Cationized Magnetoferritin Enables Rapid Labeling and Concentration of Gram-Positive and Gram-Negative Bacteria in Magnetic Cell Separation Columns.

Applied and environmental microbiology

PubMedID: 27060124

Correia Carreira S, Spencer J, Schwarzacher W, Seddon AM. Cationized Magnetoferritin Enables Rapid Labeling and Concentration of Gram-Positive and Gram-Negative Bacteria in Magnetic Cell Separation Columns. Appl Environ Microbiol. 2016;.
UNLABELLED
In order to identify pathogens rapidly and reliably, bacterial capture and concentration from large sample volumes into smaller ones are often required. Magnetic labeling and capture of bacteria using a magnetic field hold great promise for achieving this goal, but the current protocols have poor capture efficiency. Here, we present a rapid and highly efficient approach to magnetic labeling and capture of both Gram-negative (Escherichia coli) and Gram-positive (Staphylococcus aureus) bacteria using cationized magnetoferritin (cat-MF). Magnetic labeling was achieved within a 1-min incubation period with cat-MF, and 99.97% of the labeled bacteria were immobilized in commercially available magnetic cell separation (MACS) columns. Longer incubation times led to more efficient capture, with S. aureus being immobilized to a greater extent than E. coli Finally, low numbers of magnetically labeled E. coli bacteria (<100 CFU per ml) were immobilized with 100% efficiency and concentrated 7-fold within 15 min. Therefore, our study provides a novel protocol for rapid and highly efficient magnetic labeling, capture, and concentration of both Gram-positive and Gram-negative bacteria.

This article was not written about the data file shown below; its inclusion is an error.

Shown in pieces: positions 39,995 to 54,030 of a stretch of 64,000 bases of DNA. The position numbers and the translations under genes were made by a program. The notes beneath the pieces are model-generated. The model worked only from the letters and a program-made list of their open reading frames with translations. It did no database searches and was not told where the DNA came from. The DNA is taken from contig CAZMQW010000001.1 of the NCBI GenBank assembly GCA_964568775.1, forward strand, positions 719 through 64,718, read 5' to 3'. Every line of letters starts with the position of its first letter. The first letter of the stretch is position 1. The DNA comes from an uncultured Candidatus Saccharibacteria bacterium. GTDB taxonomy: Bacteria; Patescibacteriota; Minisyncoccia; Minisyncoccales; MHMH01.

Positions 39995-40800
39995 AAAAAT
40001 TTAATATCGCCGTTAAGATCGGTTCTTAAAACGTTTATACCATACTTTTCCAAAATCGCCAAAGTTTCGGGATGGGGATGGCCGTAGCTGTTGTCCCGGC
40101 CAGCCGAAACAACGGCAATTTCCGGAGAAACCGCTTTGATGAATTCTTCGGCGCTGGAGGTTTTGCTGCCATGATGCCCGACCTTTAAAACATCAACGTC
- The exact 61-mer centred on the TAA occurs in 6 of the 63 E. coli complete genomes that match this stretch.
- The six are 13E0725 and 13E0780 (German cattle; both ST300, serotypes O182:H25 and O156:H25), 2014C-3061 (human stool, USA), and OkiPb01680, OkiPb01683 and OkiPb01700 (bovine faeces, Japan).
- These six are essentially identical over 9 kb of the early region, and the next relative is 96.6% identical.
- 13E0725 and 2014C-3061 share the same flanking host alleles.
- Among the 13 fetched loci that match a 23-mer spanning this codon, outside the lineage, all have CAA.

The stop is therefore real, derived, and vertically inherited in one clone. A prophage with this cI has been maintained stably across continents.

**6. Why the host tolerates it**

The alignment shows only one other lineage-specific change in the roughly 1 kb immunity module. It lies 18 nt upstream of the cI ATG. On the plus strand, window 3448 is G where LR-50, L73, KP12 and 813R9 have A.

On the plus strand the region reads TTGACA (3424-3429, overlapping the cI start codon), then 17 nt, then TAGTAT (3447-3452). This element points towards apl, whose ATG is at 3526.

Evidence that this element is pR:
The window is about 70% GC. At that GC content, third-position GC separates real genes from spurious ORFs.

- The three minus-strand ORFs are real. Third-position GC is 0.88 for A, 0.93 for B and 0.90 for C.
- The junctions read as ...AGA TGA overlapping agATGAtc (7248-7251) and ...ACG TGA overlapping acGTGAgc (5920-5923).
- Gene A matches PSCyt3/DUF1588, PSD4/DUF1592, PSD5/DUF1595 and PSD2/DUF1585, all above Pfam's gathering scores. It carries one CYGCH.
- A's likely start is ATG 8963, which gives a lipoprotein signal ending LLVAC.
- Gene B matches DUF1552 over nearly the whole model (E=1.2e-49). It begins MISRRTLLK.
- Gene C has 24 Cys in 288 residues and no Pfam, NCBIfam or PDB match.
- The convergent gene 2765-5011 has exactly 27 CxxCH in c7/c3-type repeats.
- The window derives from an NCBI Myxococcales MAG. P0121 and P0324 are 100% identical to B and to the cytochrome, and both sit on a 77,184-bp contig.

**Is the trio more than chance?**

IMPORTANCE
Antimicrobial resistance (AMR) is a significant global challenge. Rapid identification of pathogens will retard the spread of AMR by enabling targeted treatment with suitable agents and by reducing inappropriate antimicrobial use. Rapid detection methods based on microfluidic devices require that bacteria are concentrated from large volumes into much smaller ones. Concentration of bacteria is also important to detect low numbers of pathogens with confidence. Here, we demonstrate that magnetic separation columns capture small amounts of bacteria with 100% efficiency. Rapid magnetization was achieved by exposing bacteria to cationic magnetic nanoparticles, and magnetized bacteria were concentrated 7-fold inside the column. Thus, bacterial capture and concentration were achieved within 15 min. This approach could be extended to encompass the capture and concentration of specific pathogens, for example, by functionalizing magnetic nanoparticles with antibodies or small molecule probes.